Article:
Wednesday, October 21, 2015

British military law should apply to Libyan troops?

Our esteemed editor spotted this article in The Herald Scotland relating to Libyan troops being trained by the British Army in Cambridgeshire. For those of you who missed the story, full details are here. In short, the trainees ran amok through the local village and two of their number then raped a passerby in Cambridge. They were swiftly arrested, tried in the (civilian) Crown Court and jailed for 12 years each. Following the attacks the rest of the trainees were sent home in disgrace and local media demanded to know why they had not been kept confined to barracks throughout their stay.

Maria Eagle, MP
Enter Miss Eagle . . .

Maria Eagle was formerly a minister under the last Labour Government in the UK and in September 2015 she was appointed shadow defence secretary. During the second reading of the Armed Forces Bill (the legal framework which allows the UK to maintain a standing army in peace time) which included some minor changes the Military Justice System in the UK Miss Eagle called for Libyan soldiers to be brought under British Military Law whilst serving in the UK.

Ok, well maybe this might work? 

If we accept Miss Eagle's argument at face value, what would have changed? Under a forces agreement the Royal Military Police investigated the offence (probably much more slowly as they have far less experience of such offences) before passing the matter on the the Service Prosecuting Authority who, having reviewed the file, would have directed the commanding officer to charge the soldiers. Then, following a delay, the matter would have been tried before the Court Martial (which currently has limited witness care facilities) and presumably the defendants would have been convicted and sentenced. They would then serve their sentence (as it would be more than two years) in a civilian prison. Oh, we're back where we started . . .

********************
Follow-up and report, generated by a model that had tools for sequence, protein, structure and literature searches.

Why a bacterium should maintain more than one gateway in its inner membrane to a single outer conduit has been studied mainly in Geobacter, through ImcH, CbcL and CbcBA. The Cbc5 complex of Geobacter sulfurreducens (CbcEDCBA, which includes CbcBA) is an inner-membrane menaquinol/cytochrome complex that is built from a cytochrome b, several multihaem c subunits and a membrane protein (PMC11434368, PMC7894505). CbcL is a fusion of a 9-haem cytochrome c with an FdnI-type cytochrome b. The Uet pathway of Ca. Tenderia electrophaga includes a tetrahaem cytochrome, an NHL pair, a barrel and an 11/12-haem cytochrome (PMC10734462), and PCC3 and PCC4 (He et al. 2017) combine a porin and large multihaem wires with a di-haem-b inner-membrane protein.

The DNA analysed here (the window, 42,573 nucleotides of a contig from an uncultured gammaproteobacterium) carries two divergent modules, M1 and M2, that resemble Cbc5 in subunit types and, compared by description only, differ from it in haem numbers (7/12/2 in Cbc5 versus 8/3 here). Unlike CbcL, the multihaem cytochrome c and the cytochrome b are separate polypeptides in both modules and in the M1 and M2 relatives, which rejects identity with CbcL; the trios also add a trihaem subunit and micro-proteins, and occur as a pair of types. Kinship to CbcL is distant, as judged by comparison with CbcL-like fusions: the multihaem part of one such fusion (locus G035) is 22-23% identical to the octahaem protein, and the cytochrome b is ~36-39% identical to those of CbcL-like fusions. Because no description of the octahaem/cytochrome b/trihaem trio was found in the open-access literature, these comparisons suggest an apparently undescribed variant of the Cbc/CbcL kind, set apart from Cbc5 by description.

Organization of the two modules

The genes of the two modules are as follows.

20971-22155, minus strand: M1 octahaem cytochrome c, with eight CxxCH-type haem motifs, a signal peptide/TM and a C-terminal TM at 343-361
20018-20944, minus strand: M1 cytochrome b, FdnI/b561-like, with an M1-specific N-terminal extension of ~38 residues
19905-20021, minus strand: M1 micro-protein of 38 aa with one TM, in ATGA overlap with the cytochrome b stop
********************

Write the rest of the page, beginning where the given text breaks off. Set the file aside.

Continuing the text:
How would this affect the British Army? 

The British Army trains its soldiers all over the world, in Kenya, Belize, Saudi Arabia and Canada, amongst others. Additionally there is (and will be until 2020) a substantial garrison in Germany. Although matters are slightly different in Germany where ever in the world the British Army are they are subject to service law. Surely if Miss Eagle's plan went through there would be calls for British troops to be subject to Saudi service law? As Colonel (Rtd) Bob Stewart MP put it,

"We want our military law to extend to our servicemen wherever they are in the world."

Surely this is what any government would want when it sends their forces abroad either for training or for combat?

A question for Miss Eagle . . .

How should this matter have been dealt with? 'UK soldier jailed for rape of six-year-old girl in Austria'

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